f/k/a archives . . . real opinions & real haiku

December 6, 2003

Hitting Six Digits is Cool

Filed under: pre-06-2006 — David Giacalone @ 12:59 pm

Yes, the numbers are meaningless and misleading, but I have to admit it was very cool to check the Weblogs at Harvard Law Top Sites page last night and find my All Time page hits to have pushed over the 100,000 mark.   Small potatoes (and mini-pixels) compared to the Big Names in weblogging, but not bad for an unknown, prematurely-retired lawyer who started doing this six months ago and basically complains (at great length) about the legal profession.  Cool.  Neat.  Meaningless.  And a long way before I get another digit.


P.S.  Speaking of web page hits, A Web Undone 2 pointed yesterday to a very interesting article by Clay Shirkey on Power Laws, Weblogs and Inequality


p.p.s. (Sept. 10, 2005):  For several months now, I’ve been using two (free) services that count “unique visitors.”  It appears that actual visitors are about 50% of my “page loads,” and tend to be 6 to 10 percent of “hits” measured by my webserver. 


b&g thanks


To SoCalLawBlog, Walter at Overlawyered.com, and Bill Day of A Web Undone 2 for welcoming us back to the weblog world.  .

Disclosure of Law Schools: What Would Scheherazade Say?

Filed under: pre-06-2006 — David Giacalone @ 12:01 pm

The Utah Bar Commission wants to know if it should start telling the public which law school a lawyer attended.   According to the most recent edition of the Utah Bar eBulletin (Nov. 2003, vol. 2) (emphasis added),


“Information obtained by the Bar indicating the law school from which a lawyer has graduated has by policy been considered non-public and accordingly has not been disclosed to the public.” 


The Commission is seeking your opinion regarding whether or not the name of the law school from which a lawyer has graduated should remain confidential as a matter of privacy or may be disclosed to the public to assist in lawyer selection and because such information is already almost universally available in a variety of published voluntary listings.

Please send your comments by January 31, 2004 to Bar Executive Director John Baldwin at barsurvey@utahbar.org.


Frankly, I had no idea this was even an issue in any state, nor how it is treated elsewhere.  Using an ethicalEsq? posting concerning disclosure of attorney discipline records (the archives are still available at this site, with access by topic from the right margin menu), I clicked on the Washington State Bar Status Directory and the Illinois Bar’s Lawyer Search and found that neither state lists the school attended as part of the publically available record online.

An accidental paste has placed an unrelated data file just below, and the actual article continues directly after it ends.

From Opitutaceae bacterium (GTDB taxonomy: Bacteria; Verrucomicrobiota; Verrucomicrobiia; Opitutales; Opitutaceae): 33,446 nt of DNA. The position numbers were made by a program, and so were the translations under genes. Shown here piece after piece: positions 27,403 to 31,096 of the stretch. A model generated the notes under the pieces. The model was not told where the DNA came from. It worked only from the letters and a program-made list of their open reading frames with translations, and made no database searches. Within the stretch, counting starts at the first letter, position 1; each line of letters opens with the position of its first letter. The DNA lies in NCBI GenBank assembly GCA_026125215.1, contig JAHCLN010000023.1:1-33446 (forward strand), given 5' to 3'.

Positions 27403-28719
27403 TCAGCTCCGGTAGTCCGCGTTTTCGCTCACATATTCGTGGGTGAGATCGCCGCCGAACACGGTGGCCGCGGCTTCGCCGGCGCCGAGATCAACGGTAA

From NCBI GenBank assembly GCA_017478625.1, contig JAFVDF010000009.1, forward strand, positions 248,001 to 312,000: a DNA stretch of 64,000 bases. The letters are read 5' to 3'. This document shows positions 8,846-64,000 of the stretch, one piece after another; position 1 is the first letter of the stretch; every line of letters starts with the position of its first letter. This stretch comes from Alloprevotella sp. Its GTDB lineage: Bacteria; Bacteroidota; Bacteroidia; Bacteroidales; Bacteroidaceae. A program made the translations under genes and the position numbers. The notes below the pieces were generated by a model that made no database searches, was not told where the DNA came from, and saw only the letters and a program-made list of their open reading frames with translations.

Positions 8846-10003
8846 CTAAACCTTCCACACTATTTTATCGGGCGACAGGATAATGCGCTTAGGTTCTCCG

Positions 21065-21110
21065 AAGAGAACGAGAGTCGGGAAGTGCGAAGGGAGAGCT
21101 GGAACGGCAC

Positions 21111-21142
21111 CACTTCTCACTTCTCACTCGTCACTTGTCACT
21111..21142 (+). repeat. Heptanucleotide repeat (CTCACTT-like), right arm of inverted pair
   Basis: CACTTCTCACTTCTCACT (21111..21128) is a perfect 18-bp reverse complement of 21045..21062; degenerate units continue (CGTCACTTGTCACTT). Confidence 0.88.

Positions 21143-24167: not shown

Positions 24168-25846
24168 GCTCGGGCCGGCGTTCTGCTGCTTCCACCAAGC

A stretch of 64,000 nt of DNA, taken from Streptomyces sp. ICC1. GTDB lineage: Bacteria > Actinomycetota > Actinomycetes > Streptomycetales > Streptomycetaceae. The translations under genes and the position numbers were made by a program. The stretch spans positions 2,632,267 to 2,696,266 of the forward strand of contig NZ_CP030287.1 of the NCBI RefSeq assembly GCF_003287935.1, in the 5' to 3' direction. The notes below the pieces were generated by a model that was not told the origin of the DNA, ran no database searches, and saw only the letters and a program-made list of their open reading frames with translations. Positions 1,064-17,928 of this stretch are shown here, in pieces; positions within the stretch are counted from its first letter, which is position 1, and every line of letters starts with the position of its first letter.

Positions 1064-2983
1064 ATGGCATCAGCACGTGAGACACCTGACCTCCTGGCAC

Why shouldn’t this information be publically available?  Clearly, consumers might find the law school attended to be relevant when starting a search for a lawyer — especially when they have very little additional information upon which to begin a selection process that can be quite time-consuming.  Lawyers often want to know this information about other attorneys, and they know how to find it quickly from many sources, but the average consumer does not.  Is the bar worried about unfair advantages or disadvantages stemming from the general reputation of particular schools? 

 

Is this the snobbery problem that we bounced around back in September, starting with Scheherazade‘s Why Are Lawyers Such Snobs, Ernie‘s Does It Matter Which Law School You Went To? and Prof. Bainbridge‘s question Is the legal profession a den of credential snobs?  We piped in here.
 

Utah has only two ABA accredited law schools, so I quickly checked out their USNews ranking to see if there is some great disparity in prestige that might have caused certain bar members to wish to cover up their academic background.  However, Brigham Young is ranked 31st and University of Utah 40th, so that does not seem to be a problem (at least in this era). 

 

I think an interested consumer should be able to easily find out what law school a lawyer attended.  Calling such information “confidential” seems absurd, and I don’t think we can or should generalize about how any particular consumer might use or abuse such information.  (E.g., some folks would want to avoid Ivy League lawyers, and others might feel far more comfortable with someone educated at a local school.)  I know she’s cavorting at a bankruptcy law conference in Palm Springs right now, but I’d like to know what Scherazade would say about this.  And, you, too.  [Note: Scheherazade did respond, and I to her.  You can follow the discussion thread here.]